The Direction also confirms that an agreement with the employee must be made or confirmed in writing before the start of the relevant claim period to which the agreement relates (but may be varied during the claim period).
2. TUPE transfers
According to the updated Guidance, the new employer of an employee who that employer inherited under TUPE could only make a furlough claim in respect of that employee if the employee was employed by old or their new employer on 30 October 2020 (a correction from the previous guidance) and transferred from the previous employer to the new employer on or after 1 September 2020. An RTI submission must have been made to HMRC (by either their new or old employer) between 20 March 2020 and 30 October 2020.
This has been confirmed by the Direction, which provides that the TUPE transfer needs to have happened between 1st September and 20 October 2020 (Para 29).
3. Furlough claims during notice periods
Under the old furlough scheme, the view was taken that employers could make furlough claims for employees who were serving out their notice periods.
The Policy Paper said that the Government was however apparently reviewing this position, and might change the rules in respect of any notice periods starting on or after 1 December 2020 (with further guidance promised by the end of this month).
The Direction has confirmed that employers may not make CJRS claims for periods of notice (whether statutory or contractual) running between 1st December 2020 and 31 January 2021 (Para 27).
This approach is likely to encourage employers to serve notice on employees this month, which does not seem to meet the aims of the extension to the Scheme.
4. Re-engaging former employees
If an employer has made employees redundant, or they stopped working for their employer, on or after 23 September 2020, the employer can re-employ them and put them on furlough, under the new rules.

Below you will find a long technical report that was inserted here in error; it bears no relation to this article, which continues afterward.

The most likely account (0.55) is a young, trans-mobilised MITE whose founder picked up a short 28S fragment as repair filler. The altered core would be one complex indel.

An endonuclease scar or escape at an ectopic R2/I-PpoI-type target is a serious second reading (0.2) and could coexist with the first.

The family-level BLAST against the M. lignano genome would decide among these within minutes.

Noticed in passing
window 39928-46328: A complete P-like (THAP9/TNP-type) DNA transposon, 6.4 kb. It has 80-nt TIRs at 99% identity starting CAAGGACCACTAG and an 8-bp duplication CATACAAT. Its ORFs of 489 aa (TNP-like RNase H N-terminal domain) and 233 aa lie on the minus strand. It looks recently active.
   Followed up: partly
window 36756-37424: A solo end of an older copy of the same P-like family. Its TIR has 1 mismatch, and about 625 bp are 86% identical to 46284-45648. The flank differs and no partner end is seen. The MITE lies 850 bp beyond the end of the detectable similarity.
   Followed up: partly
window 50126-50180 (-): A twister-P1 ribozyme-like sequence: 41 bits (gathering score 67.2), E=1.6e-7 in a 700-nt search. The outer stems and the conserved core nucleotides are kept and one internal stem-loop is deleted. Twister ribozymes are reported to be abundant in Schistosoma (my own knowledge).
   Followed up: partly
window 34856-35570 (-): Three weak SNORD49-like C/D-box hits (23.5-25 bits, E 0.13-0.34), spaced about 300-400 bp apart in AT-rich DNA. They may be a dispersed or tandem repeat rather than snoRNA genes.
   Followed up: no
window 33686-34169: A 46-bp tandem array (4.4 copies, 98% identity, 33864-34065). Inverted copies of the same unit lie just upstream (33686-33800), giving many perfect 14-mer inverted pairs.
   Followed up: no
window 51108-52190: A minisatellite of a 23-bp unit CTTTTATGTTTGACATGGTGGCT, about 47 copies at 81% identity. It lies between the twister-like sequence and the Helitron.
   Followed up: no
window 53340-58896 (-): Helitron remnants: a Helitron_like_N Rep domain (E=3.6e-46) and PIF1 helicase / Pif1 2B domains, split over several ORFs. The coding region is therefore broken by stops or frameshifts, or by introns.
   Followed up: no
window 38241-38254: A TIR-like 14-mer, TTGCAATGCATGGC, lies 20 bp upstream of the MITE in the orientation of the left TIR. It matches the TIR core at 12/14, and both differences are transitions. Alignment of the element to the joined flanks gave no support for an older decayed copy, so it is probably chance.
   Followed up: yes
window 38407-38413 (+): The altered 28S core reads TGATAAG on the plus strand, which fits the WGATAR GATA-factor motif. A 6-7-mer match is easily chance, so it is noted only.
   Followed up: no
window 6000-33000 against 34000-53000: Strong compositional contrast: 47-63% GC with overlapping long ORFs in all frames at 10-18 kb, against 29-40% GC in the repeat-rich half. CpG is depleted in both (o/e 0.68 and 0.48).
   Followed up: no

Whilst this initially seems to be a good way of keeping employees in post, we would recommend that advice is sought on the specific circumstances. Some issues to consider include:
- whether it would be worth the employer doing this, if the employee’s post has essentially disappeared;
- what type of contract the employee would be engaged on, and any additional costs to the business;
- the risks of discrimination claims if employers do not make offers of reinstatement to all of their employees who would be eligible for furlough under this new rule; and
- whether it would be possible to recoup the former employee’s redundancy payment, any payment in lieu of notice or any other payments made to such an employee arising from their dismissal (this is unlikely to be possible without the employee’s agreement).
5. Publication of claim details
The Direction confirms that, from December 2020, in addition to HMRC publishing the names of employers who have claimed under the Scheme from December 2020, HMRC may also publish a “reasonable indication” of the amount claimed, unless an employer can show that publication would expose them to “serious risk of violence or intimidation”.
In summary, the extension of the Scheme is to be welcomed as a way of saving jobs and improving cashflow for employers. It is a pity however that the rules were not set for the whole of the furlough extension period right from the beginning, and that the rules were not published before the extension period started, as any uncertainty makes it considerably harder for employers to plan for the future.